Choosing Keeping Retro Watercolour Set, 1950's


Choosing Keeping presents seven exclusive, special editions of 8 shades of Gansai. This Japanese alternative to standard European watercolours is not dissimilar to gouache and is made by a 100 year old paint maker in Japan. The paints can be used directly out of the box with a wet paintbrush - either thinly in translucent washes, or by layering for a bolder effect. These can also be used on darker paper bases to enhance colours further.

The 1950s - The postwar boom propels the American dream in this perfectly idyllic set. Pour yourself a filter coffee and pick up your brush of choice to get painting. Think of the squeaky-clean Formica countertops of your local diner (and its matching kitchen appliances), the pink roses in your front garden, and the teal Bel Air in your garage. Put on an Elvis Presley record and let the serenity of suburbia take over as you apply paint to paper.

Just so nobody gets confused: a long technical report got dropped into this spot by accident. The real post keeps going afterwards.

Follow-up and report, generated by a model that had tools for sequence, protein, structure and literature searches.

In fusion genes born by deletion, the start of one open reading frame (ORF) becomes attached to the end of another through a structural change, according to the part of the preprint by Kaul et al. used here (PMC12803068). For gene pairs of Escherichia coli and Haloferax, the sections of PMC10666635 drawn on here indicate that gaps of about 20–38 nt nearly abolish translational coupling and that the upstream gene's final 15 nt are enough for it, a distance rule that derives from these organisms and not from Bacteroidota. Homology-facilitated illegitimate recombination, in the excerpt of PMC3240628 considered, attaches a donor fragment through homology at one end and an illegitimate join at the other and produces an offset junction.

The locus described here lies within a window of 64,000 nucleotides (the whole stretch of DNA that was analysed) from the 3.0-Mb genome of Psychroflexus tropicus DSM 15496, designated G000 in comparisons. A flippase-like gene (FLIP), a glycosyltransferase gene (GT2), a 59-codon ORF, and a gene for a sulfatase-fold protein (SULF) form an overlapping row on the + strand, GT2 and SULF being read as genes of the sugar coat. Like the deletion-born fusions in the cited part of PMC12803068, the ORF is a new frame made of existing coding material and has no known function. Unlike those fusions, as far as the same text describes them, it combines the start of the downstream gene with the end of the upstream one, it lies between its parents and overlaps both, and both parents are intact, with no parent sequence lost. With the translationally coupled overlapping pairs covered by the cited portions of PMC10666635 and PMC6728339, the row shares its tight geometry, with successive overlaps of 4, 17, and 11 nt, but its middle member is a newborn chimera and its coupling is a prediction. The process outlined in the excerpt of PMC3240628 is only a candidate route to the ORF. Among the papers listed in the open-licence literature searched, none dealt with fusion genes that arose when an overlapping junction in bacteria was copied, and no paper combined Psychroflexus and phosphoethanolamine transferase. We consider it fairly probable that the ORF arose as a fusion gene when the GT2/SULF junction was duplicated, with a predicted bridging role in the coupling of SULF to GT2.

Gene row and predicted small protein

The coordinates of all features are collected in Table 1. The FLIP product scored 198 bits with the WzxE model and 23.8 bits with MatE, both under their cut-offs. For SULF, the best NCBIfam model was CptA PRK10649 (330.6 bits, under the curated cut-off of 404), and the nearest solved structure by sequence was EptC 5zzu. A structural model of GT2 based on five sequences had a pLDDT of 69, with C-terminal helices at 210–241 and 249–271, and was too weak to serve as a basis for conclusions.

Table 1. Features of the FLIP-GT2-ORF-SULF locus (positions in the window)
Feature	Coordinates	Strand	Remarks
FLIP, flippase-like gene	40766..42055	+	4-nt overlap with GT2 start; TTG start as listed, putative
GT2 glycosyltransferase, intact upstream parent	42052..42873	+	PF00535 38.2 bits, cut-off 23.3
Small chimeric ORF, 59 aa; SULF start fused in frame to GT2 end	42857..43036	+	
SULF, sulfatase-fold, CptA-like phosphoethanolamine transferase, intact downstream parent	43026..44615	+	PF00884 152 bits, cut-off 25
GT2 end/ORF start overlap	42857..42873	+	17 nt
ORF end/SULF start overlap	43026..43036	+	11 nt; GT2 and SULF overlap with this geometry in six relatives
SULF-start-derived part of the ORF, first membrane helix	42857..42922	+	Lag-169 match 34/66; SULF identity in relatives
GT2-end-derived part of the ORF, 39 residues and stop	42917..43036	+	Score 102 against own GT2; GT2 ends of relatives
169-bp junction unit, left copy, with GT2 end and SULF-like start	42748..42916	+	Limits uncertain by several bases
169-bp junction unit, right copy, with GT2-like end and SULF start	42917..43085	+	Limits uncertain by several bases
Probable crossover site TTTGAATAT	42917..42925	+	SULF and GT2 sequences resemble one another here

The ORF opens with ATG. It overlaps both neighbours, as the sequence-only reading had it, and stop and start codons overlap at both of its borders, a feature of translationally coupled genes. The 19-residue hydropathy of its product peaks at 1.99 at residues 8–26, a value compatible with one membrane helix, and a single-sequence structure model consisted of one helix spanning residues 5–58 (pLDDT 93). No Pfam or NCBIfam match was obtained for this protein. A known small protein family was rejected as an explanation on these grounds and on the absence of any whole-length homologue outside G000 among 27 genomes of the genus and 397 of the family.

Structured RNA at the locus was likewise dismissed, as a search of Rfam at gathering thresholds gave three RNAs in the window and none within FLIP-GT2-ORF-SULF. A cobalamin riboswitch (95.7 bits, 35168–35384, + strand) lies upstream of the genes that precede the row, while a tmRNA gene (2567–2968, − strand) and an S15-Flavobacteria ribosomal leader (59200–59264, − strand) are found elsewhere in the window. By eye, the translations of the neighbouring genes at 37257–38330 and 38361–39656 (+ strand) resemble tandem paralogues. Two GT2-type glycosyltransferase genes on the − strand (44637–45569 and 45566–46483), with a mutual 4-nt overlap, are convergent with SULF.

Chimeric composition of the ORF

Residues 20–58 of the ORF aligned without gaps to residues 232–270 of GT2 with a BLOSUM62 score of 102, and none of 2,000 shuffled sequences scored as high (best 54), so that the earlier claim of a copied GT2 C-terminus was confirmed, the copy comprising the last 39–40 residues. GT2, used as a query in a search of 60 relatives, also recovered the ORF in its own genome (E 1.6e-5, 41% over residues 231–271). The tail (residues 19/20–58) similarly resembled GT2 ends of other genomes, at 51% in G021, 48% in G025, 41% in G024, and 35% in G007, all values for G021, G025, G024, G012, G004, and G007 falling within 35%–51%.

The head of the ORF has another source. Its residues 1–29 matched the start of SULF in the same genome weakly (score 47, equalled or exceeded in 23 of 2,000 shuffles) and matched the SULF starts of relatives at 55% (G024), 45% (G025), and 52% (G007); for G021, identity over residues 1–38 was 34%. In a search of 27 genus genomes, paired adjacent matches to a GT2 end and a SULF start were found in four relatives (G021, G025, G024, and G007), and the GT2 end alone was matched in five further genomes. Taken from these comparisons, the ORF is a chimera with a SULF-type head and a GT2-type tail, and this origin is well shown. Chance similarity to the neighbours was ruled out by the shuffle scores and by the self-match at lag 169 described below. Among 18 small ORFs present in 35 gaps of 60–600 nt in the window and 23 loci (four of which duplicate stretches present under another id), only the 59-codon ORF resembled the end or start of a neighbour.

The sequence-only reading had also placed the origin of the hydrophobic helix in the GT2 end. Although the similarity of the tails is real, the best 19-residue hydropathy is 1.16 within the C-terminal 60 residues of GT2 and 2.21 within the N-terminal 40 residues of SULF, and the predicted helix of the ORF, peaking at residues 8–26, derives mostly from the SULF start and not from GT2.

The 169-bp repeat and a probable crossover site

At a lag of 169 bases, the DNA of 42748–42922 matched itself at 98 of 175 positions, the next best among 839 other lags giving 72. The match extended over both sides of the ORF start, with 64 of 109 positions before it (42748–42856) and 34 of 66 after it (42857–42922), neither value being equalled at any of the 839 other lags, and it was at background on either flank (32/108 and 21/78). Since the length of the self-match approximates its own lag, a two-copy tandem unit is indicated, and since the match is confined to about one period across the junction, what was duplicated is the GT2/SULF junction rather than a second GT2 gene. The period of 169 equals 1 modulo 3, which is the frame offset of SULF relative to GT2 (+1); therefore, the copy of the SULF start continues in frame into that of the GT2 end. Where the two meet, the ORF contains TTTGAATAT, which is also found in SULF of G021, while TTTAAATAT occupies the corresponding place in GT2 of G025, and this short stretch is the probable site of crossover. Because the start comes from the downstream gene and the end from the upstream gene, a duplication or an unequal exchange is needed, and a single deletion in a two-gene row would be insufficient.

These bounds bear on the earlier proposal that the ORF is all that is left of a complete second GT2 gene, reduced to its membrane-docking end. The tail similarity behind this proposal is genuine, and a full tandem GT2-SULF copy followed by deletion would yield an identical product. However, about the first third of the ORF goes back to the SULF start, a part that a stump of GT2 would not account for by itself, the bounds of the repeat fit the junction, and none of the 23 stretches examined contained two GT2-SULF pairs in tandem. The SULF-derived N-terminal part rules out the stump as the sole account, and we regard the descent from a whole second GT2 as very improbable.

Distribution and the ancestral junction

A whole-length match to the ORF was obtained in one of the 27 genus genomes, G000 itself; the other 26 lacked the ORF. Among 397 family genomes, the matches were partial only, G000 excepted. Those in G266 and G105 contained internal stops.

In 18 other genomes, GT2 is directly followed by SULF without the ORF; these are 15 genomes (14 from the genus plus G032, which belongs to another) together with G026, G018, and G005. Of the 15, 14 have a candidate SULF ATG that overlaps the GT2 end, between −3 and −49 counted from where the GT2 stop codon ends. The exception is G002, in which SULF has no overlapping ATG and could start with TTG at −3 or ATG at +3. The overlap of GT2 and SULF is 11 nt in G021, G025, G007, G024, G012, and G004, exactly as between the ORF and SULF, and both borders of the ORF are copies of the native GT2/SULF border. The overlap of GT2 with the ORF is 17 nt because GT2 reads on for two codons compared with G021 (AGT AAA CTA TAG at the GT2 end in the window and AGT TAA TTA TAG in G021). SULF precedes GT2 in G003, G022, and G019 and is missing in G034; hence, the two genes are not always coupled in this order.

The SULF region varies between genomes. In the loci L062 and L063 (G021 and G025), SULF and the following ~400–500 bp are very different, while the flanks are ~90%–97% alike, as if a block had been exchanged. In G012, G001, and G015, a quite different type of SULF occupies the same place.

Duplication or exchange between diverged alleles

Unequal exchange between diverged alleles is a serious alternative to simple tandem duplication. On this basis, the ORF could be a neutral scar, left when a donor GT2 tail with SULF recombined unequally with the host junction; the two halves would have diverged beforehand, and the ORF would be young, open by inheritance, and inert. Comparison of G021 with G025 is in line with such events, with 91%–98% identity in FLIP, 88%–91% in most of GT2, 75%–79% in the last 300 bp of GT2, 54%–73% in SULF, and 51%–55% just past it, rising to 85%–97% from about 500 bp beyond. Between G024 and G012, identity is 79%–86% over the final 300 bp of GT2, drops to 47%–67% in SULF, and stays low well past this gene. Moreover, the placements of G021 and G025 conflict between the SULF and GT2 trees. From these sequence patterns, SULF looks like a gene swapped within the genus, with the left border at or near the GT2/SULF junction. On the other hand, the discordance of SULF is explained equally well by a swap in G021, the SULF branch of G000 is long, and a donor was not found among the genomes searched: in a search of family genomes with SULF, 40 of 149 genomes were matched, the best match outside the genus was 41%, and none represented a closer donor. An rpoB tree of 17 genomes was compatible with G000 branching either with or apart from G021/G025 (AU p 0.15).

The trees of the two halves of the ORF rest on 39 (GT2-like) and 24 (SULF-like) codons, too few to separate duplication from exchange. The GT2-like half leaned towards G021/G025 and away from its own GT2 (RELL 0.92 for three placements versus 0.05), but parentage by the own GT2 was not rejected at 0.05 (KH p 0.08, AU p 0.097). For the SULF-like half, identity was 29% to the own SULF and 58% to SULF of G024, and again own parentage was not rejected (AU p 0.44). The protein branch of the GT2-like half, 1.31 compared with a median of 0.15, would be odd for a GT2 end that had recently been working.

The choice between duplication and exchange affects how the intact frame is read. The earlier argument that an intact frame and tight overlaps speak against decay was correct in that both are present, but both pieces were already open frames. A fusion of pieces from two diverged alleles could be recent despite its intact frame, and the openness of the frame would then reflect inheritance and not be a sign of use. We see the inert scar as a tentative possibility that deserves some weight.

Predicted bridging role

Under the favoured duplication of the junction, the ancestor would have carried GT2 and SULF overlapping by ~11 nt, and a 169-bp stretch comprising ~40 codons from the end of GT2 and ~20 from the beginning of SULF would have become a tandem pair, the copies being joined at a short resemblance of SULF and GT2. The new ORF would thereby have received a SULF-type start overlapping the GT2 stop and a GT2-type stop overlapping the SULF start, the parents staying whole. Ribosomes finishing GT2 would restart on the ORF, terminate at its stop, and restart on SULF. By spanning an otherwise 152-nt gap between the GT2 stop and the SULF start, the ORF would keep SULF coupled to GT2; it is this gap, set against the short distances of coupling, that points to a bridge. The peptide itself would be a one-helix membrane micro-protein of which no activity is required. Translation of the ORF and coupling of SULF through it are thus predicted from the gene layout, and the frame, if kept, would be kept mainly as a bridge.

Included is a blank letterpress swatch card featuring each individual colour name to be painted in for colour referencing. This can come in handy as appearances can be deceiving and each colour is only revealed once wet and set to paper!

We recommend the Aquarella (white) and Aquarello (off-white) for the perfect paper pairing.

Material: Gansai watercolour
Included: 8 colours in chiyogami paper presentation box including a blank letterpress swatch card which can be painted in for colour reference. 
Vegetarian/ Vegan: No (contains gelatine glue binder)
Made in Japan
Swatches and illustrations courtesy of Maria Ines Gul

Colour Breakdown:

32 - KikusaThis literally translates to ‘yellow grass’ despite being very much green. 
37 - Senkouhi - Fresh bright crimson 
205 - TanryokuLight green
222 - Aoi-iroNamed after the light purple mallow flower, traditionally used in Japanese medicines. 
203 - Kurogin-iroBlack-silver
207 - Sakura-iroCherry blossom - named after the much beloved sakura season in Japan. 
224 - Jinkou-chaArgarwood tea, named after the specialised wood that is commonly used in perfumes and incense. 
7 - GunjouUltramarine - in the west this colour, meaning across the sea, refers to the rare lapis that was used to make the pigment. Whilst commonly translated to this colour, Gunjou refers to the pigment made from crushed azurite, not lapis.